Looking around instead, I noticed how strange it was to be looking eye to eye with many trees, and looking down their trunks instead of up. The perspective was interesting but jarring, and I felt a bit queasy. Lying down in the center of the lookout platform, I closed my eyes until the feeling subsided. When I reopened them, several tree branches created a canopy overhead. Their leaves still had some green mixed with the brown against the clear blue sky they framed. They surrounded and supported me much like the trees around the burned out trunk. Tears came forward in spite of their efforts. The weeks after my mother’s death had been filled with tears, but still more came each day. Alone out in the woods I was free to let them loose while in the presence of the nature that always nurtured my soul – not like shedding them in secret down the shower drain or curled up on the couch while watching a marathon of Hallmark Hall of Fame movies that Mom and I used to watch together. 

I closed my eyes and emptied my lungs into the crisp air. The memory of the top of the fire tower seemed better than the current reality, so I gave up trying to make it something it wasn’t and climbed back down. 

At the base, I turned toward the second half of the trail, feeling drained and dry. The rest of the trail was dry too. A new feeling came over me: I didn’t want to finish this trail today.

I knew if I backtracked, there would be a cut-off trail connected to the top of the Deer Leap Trail that arched over the spring that fed the river. A trail that would have misty damp areas and the sound of a waterfall landing into a bright blue pool at the entrance of a cave. Maybe it was just all the shed tears, but my soul needed the essence of water.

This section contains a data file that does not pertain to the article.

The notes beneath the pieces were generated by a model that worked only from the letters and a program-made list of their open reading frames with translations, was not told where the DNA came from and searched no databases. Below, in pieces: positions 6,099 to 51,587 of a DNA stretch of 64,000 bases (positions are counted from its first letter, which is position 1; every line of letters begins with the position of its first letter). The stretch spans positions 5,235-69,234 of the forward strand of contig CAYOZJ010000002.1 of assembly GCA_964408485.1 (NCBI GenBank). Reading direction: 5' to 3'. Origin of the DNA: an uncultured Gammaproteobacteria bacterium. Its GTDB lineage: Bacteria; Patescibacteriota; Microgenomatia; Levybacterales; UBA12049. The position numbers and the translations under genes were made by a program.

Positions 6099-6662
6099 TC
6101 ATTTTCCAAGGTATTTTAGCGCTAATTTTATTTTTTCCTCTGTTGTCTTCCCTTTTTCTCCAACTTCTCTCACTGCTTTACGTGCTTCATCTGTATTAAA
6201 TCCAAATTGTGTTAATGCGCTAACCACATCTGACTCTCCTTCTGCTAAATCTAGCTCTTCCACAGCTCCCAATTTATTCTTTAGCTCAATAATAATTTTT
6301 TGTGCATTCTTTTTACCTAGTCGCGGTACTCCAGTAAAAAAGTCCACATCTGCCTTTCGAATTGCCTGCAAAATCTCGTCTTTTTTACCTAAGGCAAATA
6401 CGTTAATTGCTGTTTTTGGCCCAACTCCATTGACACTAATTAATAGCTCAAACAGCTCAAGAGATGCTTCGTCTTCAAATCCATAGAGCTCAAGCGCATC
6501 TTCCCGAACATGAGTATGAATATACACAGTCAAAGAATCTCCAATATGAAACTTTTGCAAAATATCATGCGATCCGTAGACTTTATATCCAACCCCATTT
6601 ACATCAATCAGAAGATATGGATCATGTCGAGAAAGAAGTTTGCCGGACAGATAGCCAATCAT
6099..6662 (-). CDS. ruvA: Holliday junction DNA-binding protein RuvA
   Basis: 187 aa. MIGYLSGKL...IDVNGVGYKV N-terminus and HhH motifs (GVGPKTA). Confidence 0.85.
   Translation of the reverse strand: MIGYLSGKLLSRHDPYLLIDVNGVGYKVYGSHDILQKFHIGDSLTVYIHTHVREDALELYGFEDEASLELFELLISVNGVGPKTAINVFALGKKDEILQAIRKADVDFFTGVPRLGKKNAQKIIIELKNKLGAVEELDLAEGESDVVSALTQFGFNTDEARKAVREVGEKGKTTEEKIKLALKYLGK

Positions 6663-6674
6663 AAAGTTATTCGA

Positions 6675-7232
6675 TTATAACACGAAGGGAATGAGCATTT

Readjusting the slingpack with day hike essentials, I turned back and retraced my path down the trail. Soon I spotted the white blaze for the connecting trail and turned to it. 

While walking through a shaded spot, I noticed a little flower standing tall despite the autumn leaves, its sunny face toward the light. 

Something about the flower stopped me. 

It looked out of place; a petite white-petaled bloom with a yellow center. It belonged in a summer meadow as a child’s treasure, but here it was in the autumn woods finding light in the deep shadows. The yellow center called my Mom to mind; that was her favorite color and she’d enjoyed any flower that color. As children, we would bring her armfuls of daffodils from a nearby woods that had rows of naturalizing bulbs. As adults, she loved yellow roses, lilies, or daisies. Yellow was the prominent color of the flowers that draped her casket, but she had received their beauty throughout her adult life. 

But this little bloom made me pause. For those who study the Druids, you learn about augury, or reading things from nature as signs or omens of the future. 

A few weeks before Mom passed in September, I had been lost on a trail at a women’s spiritual festival, on an unsought spirit quest. At one point I stopped and tried to calm myself (it was also a very warm September day). As I stopped trying to find my way out, I noticed things around me. About 10 feet ahead was a thistle, a plant I’d always felt aligned to spiritually. On it was a yellow butterfly. As I watched, the butterfly flew off and was soon lost in the bright sunlight. 

In that moment, I knew I was the thistle and my Mom was the butterfly, and that – though we had been thinking her condition could be helped – she would soon be leaving us. The moment was both sad and peaceful, bound together with acceptance. I turned and immediately saw the opening to the path from which I had came. Lined with trees, some vines had grown over it to create an archway. All around this arch flew dozens of dragonflies, their wings glinting in the sunlight. The primary symbolism of these creatures, transformation and transition, was not lost on me. To go back home was to accept this transition. I stepped through the arch, knowing life would never be the same.